STORY 11: An Opportunity for Water in Cities

In this episode of Inside, Out & About we are joined by Mary Pat McGuire, associate professor of landscape architecture at the University of Illinois at Urbana-Champaign and director of Water Lab. McGuire talks about the relationship between water and pavement, and the vital need to rethink our overreliance on impervious paved surfaces. She details how we can undo the harmful environmental effects of paved surfaces by reducing their area, which creates positive impacts for human and ecological health, aesthetics, and resilience instead.


As a partner of the Chicago-Calumet River Watershed Council, McGuire’s expertise and leadership brings science, engineering, and design together to examine how we should live differently with water in urban areas like Chicago and create strategies to retrofit cities with nature-based green infrastructure and all of the benefits it brings with it.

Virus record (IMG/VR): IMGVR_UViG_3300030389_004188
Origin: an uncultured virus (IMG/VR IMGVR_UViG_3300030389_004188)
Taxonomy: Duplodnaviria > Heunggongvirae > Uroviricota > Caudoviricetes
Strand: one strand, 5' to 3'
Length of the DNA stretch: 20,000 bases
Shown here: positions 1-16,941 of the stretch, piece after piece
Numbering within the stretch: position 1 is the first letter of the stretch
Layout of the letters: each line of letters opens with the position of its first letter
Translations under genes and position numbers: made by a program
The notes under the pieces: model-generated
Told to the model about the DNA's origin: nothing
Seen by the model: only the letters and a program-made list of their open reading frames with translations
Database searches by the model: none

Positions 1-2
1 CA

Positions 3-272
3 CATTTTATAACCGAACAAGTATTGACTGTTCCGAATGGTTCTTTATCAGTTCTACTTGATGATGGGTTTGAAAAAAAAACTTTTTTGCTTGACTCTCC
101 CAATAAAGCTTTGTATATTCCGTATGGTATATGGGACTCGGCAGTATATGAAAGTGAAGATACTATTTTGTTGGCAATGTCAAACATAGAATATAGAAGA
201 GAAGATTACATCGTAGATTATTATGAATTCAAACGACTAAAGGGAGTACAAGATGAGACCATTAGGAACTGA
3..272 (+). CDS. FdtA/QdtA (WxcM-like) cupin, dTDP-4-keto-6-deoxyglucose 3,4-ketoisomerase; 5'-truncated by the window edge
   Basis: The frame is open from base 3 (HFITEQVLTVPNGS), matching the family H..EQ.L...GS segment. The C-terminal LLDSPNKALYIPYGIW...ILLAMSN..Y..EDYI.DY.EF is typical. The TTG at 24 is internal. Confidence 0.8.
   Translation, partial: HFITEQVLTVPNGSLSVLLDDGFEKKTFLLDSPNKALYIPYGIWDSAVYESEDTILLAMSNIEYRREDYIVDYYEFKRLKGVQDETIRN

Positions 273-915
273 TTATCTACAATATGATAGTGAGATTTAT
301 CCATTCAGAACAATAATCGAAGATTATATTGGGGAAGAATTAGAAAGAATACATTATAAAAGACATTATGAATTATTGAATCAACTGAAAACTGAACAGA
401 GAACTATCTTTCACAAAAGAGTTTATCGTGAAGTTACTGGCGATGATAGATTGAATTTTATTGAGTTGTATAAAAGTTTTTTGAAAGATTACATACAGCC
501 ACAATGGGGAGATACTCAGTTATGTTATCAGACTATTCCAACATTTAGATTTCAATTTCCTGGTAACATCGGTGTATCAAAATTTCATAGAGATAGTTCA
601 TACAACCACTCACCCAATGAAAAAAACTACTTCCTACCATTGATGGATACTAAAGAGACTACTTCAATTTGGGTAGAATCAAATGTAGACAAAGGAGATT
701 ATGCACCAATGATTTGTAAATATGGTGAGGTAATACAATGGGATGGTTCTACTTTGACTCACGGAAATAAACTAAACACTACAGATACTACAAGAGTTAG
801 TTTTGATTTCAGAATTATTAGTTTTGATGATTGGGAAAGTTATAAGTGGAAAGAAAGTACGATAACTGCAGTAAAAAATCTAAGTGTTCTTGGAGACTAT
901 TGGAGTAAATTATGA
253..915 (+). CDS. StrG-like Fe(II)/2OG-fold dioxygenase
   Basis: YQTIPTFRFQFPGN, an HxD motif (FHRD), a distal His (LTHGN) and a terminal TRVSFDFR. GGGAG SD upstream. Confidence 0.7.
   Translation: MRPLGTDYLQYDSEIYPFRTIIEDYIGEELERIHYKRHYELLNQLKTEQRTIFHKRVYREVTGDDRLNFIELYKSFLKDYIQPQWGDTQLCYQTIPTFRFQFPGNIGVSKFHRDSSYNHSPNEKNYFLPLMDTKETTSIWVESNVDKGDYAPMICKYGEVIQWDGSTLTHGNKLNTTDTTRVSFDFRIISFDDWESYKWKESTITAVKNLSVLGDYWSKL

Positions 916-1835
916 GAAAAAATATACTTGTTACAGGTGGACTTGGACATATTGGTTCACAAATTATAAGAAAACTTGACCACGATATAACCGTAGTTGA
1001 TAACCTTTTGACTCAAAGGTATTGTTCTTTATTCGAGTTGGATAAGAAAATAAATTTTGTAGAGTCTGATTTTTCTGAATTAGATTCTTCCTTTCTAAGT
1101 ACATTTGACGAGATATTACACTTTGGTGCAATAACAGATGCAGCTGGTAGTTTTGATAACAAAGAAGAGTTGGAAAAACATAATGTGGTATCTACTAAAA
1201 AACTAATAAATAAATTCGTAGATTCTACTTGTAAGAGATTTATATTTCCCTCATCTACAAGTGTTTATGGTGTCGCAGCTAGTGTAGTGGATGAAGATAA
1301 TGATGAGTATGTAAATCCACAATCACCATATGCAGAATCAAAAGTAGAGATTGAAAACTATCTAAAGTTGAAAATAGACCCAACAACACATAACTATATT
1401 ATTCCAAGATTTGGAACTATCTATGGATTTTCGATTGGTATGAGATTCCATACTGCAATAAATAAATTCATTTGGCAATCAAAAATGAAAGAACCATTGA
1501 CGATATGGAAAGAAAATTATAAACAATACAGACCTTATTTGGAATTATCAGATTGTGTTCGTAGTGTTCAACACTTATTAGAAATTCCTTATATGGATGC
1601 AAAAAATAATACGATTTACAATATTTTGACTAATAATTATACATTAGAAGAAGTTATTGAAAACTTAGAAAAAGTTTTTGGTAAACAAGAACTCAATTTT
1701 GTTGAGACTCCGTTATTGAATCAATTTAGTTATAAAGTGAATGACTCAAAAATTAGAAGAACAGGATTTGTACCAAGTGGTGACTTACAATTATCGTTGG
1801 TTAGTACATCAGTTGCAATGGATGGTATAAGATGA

In 2015, the Water Lab launched an ongoing design research project called Depave Chicago to transform the ground surfaces of the city into more ecologically and socially just environments. McGuire says Chicago has percentages of impervious ground that are among the highest in the country. Her research shows that “one third of the ground on the South Side of Chicago is paved and asphalted.” McGuire says it’s important to think of cities as “headwaters” to address the issues of flooding through nature-based solutions.